In the past and for most of healthcare today, inventory has been managed independently from the rest of the business of providing healthcare. Recent articles ( 7 Reasons to Merge Revenue Cycle and Supply Chain Management ) have suggested the benefits of combining supply chain and revenue cycle.
When you step back and look at how supplies impact the business of providing healthcare, you’ll see that hospitals can benefit more from extending the visibility of supplies to clinical documentation and billing.
Our iRISupply solution does just this. We help hospitals increase surgical revenue in 3 ways.
- Maximize Charge Capture
- Improve Surgical Documentation
- Improve a hospital’s Case Mix Index (CMI) score.
In this 3 part discussion we will explore in detail each item above. Part 1 (this article) discusses how we maximize charge capture in surgical areas.
Before you say, “For inpatient cases we get paid by the DRG, and we get paid the same amount no matter what items are used.” A procedure may start off in one way, but during surgery the type of procedure could change. For example a CATH procedure may start off as single vessel procedure, but after the surgeon gets a better look at the arteries could come to the conclusion that multiple stents are needed. If the change in procedure type is not updated in the procedure notes, then this can lead to loss revenue. In addition, we get paid the same amount for a DRG isn’t entirely true. The next discussion (part 2) provides more information on this.
Before we start, there is a fundamental concept that you have to understand and also believe. In today’s healthcare, not every item that gets used in surgery gets documented. As a result, this cause a revenue leak. Why does this happen? First, it’s nobody’s fault. If you work inside surgical areas, then you already know that some of the best talent can be found here. So why does this happen? In short, it’s the nature of the beast. The talented nurses and techs within healthcare do their absolute best to follow proper protocols and document every item, but inside a surgical room distractions can arise that shifts the focus on proper protocols to life saving procedures. Other distractions like staff shortage, longer work hours for staff, or even a longer complicated case can also add into the mix and as a result sometimes item usage doesn’t get documented.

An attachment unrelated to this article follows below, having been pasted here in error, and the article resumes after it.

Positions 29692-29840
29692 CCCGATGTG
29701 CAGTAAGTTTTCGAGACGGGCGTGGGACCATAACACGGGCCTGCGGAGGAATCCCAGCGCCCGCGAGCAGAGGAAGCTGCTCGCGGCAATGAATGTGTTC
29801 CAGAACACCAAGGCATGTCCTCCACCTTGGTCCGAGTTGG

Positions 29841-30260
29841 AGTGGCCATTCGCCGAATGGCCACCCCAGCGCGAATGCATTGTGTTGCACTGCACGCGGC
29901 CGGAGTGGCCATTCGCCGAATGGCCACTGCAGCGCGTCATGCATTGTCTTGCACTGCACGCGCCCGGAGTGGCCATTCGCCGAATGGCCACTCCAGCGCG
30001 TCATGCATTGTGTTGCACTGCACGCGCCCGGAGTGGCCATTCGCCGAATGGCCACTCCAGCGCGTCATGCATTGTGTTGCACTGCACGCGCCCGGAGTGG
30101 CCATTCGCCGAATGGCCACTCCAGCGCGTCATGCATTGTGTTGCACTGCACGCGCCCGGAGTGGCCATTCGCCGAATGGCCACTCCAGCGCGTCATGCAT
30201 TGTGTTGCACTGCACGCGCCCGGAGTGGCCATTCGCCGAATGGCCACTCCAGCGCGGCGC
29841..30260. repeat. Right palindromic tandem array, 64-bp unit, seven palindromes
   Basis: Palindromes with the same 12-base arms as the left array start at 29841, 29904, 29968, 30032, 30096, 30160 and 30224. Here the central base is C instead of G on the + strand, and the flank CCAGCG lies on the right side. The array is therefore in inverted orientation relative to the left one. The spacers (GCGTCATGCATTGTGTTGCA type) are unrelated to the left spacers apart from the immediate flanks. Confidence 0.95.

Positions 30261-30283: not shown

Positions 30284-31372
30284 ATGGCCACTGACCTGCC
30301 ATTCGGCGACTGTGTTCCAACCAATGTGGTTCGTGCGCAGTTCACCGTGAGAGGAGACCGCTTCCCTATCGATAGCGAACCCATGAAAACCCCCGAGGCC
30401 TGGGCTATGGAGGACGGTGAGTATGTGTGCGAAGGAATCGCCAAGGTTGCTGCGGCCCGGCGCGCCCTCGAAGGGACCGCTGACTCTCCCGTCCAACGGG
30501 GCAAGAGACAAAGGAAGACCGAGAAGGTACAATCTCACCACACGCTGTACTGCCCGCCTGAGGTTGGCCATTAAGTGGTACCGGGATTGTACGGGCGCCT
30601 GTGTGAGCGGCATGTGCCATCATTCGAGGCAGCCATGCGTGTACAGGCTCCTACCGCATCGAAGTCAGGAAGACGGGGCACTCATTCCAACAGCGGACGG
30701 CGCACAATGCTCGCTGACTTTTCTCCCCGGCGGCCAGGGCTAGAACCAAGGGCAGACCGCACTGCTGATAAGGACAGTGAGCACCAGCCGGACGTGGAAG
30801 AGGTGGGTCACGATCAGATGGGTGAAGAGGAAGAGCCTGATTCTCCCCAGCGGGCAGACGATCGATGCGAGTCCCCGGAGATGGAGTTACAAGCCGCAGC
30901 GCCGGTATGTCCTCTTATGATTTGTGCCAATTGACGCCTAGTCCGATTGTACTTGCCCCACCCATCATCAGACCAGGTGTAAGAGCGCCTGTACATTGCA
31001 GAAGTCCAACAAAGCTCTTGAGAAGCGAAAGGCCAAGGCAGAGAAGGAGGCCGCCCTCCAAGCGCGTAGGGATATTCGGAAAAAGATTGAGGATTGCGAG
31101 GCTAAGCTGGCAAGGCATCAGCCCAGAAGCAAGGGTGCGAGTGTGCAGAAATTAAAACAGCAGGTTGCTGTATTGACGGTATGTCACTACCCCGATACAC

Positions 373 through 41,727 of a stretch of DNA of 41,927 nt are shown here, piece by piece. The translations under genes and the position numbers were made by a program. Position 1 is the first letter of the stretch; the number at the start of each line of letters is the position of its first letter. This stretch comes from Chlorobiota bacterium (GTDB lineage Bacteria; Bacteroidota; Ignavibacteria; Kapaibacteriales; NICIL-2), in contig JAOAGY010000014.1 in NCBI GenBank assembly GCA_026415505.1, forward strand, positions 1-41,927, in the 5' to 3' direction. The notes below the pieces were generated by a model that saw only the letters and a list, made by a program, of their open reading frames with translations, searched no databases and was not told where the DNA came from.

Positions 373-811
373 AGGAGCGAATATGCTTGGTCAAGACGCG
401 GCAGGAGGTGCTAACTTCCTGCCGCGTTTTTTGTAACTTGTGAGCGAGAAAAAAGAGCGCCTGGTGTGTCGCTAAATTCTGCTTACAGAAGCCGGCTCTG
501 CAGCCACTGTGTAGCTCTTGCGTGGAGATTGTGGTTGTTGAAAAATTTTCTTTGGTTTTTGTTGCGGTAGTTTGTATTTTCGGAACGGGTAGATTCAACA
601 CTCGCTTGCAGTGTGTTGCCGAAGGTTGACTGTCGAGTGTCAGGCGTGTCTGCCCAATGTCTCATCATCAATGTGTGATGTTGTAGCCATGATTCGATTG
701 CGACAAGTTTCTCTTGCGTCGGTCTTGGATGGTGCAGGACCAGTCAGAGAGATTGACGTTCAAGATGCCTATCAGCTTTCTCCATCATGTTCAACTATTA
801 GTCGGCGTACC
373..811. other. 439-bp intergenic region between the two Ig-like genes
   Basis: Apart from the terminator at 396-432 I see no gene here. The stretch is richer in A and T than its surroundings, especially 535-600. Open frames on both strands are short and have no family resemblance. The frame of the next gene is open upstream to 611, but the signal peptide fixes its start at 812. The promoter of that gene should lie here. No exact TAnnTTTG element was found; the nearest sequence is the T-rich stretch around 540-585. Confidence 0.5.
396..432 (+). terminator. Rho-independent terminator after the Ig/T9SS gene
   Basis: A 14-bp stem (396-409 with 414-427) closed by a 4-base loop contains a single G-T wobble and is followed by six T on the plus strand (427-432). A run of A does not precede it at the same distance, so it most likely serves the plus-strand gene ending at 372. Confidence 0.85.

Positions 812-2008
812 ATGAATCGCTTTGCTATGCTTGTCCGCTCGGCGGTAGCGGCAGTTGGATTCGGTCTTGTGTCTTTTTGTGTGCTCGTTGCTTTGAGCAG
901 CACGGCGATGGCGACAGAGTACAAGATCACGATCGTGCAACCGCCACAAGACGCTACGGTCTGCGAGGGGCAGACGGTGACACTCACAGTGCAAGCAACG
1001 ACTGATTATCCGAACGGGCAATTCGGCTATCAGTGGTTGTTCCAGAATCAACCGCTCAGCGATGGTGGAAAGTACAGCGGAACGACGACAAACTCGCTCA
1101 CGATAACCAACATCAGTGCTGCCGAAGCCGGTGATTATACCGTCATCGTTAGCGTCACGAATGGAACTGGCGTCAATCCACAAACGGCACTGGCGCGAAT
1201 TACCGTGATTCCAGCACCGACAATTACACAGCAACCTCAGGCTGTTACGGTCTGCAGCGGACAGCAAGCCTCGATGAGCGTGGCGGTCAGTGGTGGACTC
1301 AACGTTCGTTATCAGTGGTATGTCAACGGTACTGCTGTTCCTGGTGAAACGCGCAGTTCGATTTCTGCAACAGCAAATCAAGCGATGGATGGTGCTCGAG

Signs this could be happening at your facility:
- When you look at one procedure type, take a look at the average cost of supplies that are used for procedures over a period of time and determine an average cost of supplies for the procedure type. Next look for procedures where the total cost of supplies is less than the average. Procedures where the total cost of supplies falls under the average, could be a sign that something didn’t get documented.
- At some hospitals, as items get documented for a procedure, inventory levels are also decremented. If an item doesn’t get documented, then the inventory counts become out of sync with what’s on the shelf. If you need to do a physical count (aka cycle count) before reordering items, then this could be an indicator that not every item is being documented in a procedure.
How to measure how frequently items may not be getting documented? Great question. You would need to analyze what’s on the shelf and what’s been documented and evaluate what’s different. As you can imagine, this is a tedious process that would need to be done each day, each week, or each month. This could take up resources and time on hospital resources.
How do we help? Our system doesn’t require staff to scan barcodes or push buttons when surgical staff take an item or return an item. We eliminate steps and simplify work flow. When distractions arise during procedures, surgical departments can rest assure that our system is capturing activity and sealing up revenue leaks. Every item that is removed from our system is automatically captured and electronically documented through the use of an RFID tracking tag. Electronic documentation includes: who (which staff member), took what items (catalog #, serial #, Lot #), and for which patient. Charge capture is maximized and documentation is improved.
Generally hospitals can agree that there is some level of non-compliance in staff not documenting item usage, but how much varies and is often under estimated. In 2011, the Journal of American College of Radiology (JACR) did a study on the impact that our system had inside 2 surgical rooms within 10 months. What JACR discovered was an increase in charge capture of 20%. This means that they were only getting 80% compliance from surgical staff with a barcode based solution. The JACR study continued that this 20% increase in charge capture resulted in an additional $2.1 million in charge capture which led to an additional $750,000 in revenue.
How frequent are items not getting documented? 20%? We increased surgical revenue for 2 surgical suites in 10 months by $750,000. That’s a significant increase in revenue by extending the visibility of supply usage to clinical documentation and billing.
Part 2 & 3 of this article can be found here: